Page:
There were all kinds of weapons. Many of the earliest guns were built for the EIC which had its own private army controlling parts of India. On the subject of this gun, most of the Martini Henry Mark II Rifles were pure British military surplus and were manufactured by Enfield as well as the forerunners to Birmingham Small Arms, even a few by London Small Arms Company as well as lesser known private makers. Over the 30-40 year span of military service, these Martini Henry Rifles were disassembled, cleaned, inspected, repaired, upgraded, rebuilt, and re-arsenaled both by British and Indian arsenals. Some arsenals were more surgical than others about rebuilds. For example, you might see one that was stunning, but had almost no receiver markings left...while others had nice markings.
In a sense, the variance you'd see in these rifles was much like the American M1 Garands built by Springfield, International Harvester, Winchester, et al. that have come back to the CMP from Denmark, Greece, Italy, etc. These famous battle rifles from WW2 were given to friendly countries to help abate the spread of communism through programs like Lend-Lease. Many were reworked and since the parts were all interchangeable, they were often assembled with parts from different eras and makers. If you know M1 Garands, this story of these Nepalese Martini-Henry rifles is similar.
From the 1870's and 80's, this rifle was a front-line battle rifle in the British Army when Queen's Empire spanned the globe. It very likely could have seen combat in the 2nd Afghan War or even the Zulu Wars in South Africa. However, by around 1890, the mighty .303 bolt action Lee Enfield and Metford rifle entered service and the old single shot black powder Martini was now obsolete. They still were good weapons and rather than being moth-balled with the chore of collecting dust in the back rooms of arsenals, the Martini Henry was spun-off to the various British colonies like Australia, New Zealand, Canada, and of course, India, which received a sizable portion of surplus Martini Henry's. In fact, India really benefited heavily from the Mark IV which was the last and most improved variation of the Martini Henry. Off the top of my head, the Mark IV was produced from 1886-88. These rifles were virtually BRAND NEW when the Lee Enfield put them out of commission. Of the Martinis shipped to India/Nepal, they would have served (by my estimation) from around the late 1880's through the early years of the 20th century as many show arsenal rebuild dates from the early 20th century. At some point, they were either sold or given to Nepal...eventually reaching the end of practical service and winding up stored in the old Royal Palace. Before being stored, each rifle was covered in grease so you can imagine 80-90 years later, this old coat of protection had turned black with dirt, dust, pollution, soot, etc.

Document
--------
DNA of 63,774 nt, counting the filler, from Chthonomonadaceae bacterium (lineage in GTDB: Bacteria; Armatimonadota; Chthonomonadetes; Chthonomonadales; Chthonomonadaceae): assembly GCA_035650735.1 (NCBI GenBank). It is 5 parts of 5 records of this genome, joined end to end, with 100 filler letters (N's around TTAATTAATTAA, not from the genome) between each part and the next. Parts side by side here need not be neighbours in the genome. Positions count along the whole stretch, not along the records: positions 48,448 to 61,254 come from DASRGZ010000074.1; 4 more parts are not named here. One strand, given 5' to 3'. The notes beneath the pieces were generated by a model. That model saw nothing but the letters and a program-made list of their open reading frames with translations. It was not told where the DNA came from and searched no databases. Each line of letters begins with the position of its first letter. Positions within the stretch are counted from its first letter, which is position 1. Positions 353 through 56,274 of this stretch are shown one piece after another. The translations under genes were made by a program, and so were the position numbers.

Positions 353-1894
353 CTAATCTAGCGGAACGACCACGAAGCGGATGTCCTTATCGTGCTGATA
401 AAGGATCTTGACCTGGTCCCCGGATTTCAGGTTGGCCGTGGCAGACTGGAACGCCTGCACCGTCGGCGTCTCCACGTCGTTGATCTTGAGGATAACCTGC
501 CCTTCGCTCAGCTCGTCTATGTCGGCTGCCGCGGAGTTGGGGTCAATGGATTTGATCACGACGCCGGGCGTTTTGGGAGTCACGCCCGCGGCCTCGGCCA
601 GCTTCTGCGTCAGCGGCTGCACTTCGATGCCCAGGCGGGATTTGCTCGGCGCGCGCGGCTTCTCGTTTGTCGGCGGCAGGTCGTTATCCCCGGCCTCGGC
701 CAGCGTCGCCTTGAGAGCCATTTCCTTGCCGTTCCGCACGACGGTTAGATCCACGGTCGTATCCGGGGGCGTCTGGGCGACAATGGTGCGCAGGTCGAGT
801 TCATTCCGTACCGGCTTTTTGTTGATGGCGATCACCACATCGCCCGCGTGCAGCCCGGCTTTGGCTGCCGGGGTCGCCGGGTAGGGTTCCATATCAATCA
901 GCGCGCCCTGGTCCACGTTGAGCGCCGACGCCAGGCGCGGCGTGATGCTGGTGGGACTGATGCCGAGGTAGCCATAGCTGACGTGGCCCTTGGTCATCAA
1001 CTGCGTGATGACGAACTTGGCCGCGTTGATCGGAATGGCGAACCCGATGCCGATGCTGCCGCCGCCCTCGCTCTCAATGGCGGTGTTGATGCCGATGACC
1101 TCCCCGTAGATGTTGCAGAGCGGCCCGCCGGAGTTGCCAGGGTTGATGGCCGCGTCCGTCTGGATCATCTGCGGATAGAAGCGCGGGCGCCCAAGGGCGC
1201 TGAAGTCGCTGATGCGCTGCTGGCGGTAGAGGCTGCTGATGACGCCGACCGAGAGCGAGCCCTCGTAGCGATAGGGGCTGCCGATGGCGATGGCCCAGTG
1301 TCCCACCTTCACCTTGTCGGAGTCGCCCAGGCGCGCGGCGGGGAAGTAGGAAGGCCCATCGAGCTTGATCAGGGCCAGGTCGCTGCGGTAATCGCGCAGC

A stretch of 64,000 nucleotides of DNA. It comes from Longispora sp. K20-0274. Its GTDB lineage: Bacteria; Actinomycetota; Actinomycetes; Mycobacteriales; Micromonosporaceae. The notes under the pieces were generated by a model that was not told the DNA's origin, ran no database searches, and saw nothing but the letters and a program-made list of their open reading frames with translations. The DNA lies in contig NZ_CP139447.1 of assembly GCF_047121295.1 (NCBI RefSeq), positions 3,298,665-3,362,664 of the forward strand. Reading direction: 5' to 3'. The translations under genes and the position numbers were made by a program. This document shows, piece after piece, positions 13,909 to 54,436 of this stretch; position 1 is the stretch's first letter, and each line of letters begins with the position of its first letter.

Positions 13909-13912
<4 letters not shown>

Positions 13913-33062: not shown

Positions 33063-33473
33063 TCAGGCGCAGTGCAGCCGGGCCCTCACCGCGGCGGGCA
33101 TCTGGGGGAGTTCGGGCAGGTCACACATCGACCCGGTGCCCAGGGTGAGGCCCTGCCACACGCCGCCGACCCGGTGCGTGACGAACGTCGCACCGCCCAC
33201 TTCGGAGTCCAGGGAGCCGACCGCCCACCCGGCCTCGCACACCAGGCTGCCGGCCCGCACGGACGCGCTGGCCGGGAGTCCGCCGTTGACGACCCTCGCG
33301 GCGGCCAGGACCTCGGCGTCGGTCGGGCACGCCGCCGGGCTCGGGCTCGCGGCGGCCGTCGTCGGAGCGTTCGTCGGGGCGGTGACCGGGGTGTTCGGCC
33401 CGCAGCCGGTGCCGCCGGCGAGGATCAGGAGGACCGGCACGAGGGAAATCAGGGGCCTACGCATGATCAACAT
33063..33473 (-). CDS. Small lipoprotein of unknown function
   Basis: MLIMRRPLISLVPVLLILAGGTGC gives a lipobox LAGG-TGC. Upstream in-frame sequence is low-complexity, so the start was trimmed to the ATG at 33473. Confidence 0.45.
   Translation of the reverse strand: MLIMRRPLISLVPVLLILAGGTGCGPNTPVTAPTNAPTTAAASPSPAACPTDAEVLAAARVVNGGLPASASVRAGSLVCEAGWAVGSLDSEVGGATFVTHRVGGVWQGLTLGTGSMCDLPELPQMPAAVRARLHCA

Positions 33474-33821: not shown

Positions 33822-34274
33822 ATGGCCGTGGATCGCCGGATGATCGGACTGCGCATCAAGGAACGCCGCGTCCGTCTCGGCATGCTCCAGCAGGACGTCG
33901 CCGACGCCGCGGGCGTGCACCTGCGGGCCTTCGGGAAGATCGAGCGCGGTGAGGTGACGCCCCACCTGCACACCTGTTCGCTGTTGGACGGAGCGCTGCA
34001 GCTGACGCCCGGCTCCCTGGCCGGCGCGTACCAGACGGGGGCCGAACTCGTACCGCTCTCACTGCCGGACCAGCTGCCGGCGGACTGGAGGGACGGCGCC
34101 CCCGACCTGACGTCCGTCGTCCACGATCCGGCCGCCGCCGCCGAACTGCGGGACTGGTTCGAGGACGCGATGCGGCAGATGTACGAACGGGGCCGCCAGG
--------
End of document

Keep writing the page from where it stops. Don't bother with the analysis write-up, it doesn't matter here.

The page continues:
Overall Condition is NRA Antique Fine with most of its old 19th century armory blue remaining on the frame and block. Barrel blue is thinning to gray with blue in the more protected areas. Bore is Excellent! Action is nice. Nice markings throughout. Every part on this rifle is stamped with little inspector markings as well as numerous War Department Broad Arrows. I believe everything on this rifle has "Enfield" inspector stamps with the exceptions of the buttplate and lever which are Birmingham which have a tiny "B" in script instead of the "E". Wood is Very Good...solid and one of the minority of Enfields you'll find with an original Mark I stock upgraded to Mark II that has SURVIVED with its Enfield rRoundel stamp intact. Most of these were rubbed off or over-stamped with Indian Arsenal roundels. This one is not only there, but it's sharp. Note the Allahabad Arsenal stamp/roundel next to the Enfield. This arsenal was located in Northern India just to the south of Nepal. The bayonet is in Fine Condition with super markings and a nice original leather scabbard with tons of British inspector markings, etc. Original brass muzzle cover is the early pattern with solid top and British markings. Great rifle with matching period accessories...I won't call it 1 of a 1000 but probably more like 1 in 320 in terms of detail, condition, and correctness.